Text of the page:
LightSquared Lawyers Up
Last October, aspiring wholesale wireless provider LightSquared threatened litigation if the Federal Communications Commission were to block its network over concerns that it would interfere with a large number of aviation, commercial and consumer GPS devices. And now that the agency has done just that, revoking LightSquared’s conditional permission to operate its network, the company is lawyering up.
The company has hired Ted Olson, former Bush administration solicitor general, and Eugene Scalia, son of Supreme Court Justice Antonin Scalia, to help it overcome any regulatory setbacks and salvage its more than $4 billion investment in a new national wireless network.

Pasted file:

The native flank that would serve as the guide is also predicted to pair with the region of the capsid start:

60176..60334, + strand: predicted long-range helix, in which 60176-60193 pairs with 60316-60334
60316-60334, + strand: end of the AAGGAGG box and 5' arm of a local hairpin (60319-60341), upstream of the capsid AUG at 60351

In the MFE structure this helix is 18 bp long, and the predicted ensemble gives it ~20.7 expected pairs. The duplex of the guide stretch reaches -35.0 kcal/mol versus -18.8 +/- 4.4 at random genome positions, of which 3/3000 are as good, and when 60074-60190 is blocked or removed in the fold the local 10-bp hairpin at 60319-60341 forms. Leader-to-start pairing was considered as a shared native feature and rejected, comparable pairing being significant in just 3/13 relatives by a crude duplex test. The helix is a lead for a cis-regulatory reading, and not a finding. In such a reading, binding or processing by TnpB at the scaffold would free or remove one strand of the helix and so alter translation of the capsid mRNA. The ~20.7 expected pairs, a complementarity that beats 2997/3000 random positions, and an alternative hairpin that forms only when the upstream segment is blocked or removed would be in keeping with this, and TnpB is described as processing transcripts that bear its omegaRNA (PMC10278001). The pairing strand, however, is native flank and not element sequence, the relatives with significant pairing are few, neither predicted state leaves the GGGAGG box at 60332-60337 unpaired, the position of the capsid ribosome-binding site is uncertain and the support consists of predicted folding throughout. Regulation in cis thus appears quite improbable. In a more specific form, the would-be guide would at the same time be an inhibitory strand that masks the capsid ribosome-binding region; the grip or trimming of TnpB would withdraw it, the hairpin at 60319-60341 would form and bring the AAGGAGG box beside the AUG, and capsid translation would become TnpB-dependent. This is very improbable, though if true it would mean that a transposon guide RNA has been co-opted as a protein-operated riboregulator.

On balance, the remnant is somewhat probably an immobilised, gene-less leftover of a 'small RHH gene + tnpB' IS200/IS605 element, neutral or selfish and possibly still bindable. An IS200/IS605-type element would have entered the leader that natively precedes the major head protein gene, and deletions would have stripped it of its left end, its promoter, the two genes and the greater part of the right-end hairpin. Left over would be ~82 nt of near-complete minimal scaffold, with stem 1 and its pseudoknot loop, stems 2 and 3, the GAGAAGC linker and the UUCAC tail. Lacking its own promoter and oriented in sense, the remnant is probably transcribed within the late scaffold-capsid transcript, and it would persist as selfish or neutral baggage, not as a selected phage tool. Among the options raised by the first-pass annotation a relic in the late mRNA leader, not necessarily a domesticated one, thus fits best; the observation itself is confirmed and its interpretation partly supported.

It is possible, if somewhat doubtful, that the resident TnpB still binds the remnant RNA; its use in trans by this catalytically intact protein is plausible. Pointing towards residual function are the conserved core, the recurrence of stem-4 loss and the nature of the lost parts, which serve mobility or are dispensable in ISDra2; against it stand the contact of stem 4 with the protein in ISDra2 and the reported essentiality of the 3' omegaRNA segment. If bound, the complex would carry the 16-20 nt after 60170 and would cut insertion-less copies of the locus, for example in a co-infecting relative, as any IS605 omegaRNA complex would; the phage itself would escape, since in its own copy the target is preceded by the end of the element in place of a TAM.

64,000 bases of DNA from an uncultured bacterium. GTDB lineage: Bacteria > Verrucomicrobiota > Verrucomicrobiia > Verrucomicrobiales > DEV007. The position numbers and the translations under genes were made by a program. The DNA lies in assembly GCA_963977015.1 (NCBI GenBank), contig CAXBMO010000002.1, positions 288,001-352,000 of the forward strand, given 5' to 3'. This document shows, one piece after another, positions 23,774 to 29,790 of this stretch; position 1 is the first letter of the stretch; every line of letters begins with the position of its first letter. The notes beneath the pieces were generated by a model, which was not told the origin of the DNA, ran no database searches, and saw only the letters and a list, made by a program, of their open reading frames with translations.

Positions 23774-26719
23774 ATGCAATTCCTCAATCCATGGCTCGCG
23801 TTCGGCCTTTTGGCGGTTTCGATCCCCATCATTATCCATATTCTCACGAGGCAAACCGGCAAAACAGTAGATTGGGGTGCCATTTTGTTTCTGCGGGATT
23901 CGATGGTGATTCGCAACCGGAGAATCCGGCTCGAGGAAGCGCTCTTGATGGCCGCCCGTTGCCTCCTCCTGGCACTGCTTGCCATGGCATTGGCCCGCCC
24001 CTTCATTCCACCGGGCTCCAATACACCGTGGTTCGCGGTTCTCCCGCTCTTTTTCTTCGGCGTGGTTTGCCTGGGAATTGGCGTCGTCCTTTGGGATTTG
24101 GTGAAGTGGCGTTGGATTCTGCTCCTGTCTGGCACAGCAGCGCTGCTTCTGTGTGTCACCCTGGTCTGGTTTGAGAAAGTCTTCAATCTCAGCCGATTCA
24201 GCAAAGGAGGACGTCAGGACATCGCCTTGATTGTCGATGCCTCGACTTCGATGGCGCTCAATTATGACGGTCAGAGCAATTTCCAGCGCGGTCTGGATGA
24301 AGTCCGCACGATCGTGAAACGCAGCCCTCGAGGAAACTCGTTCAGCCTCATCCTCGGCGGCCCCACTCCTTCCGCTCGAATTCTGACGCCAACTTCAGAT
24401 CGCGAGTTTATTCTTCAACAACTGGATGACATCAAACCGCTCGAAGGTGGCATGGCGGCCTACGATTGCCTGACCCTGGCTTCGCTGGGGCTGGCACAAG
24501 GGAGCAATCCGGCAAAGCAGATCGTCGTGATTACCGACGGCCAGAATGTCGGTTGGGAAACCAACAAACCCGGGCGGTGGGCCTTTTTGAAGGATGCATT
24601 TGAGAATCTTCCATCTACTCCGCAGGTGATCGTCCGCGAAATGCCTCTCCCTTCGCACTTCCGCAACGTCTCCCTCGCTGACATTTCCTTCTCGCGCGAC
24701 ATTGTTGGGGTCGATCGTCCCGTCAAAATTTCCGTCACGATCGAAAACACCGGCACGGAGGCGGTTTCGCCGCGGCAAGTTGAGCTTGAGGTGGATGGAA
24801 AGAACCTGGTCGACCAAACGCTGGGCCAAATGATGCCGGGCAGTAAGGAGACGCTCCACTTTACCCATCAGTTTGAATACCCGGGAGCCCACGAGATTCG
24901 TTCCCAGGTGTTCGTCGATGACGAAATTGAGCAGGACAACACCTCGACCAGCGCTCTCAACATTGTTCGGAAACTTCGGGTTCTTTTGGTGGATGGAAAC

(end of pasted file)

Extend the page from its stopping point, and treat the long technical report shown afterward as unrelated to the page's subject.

“We will do all we can to ensure that LightSquared does not lose billions of dollars in investments due to a precipitous, arbitrary reversal by the government,” Olson said in a statement.
Which doesn’t necessarily mean LightSquared will sue, though it’s clearly an option.
“[The FCC's] decision to not allow us to go forward isn’t supported by the law or technical policy,” Jeff Carlisle, LightSquared’s executive vice president of regulatory affairs and public policy, told Bloomberg. “We are confident about that and we are eager to prove our case.”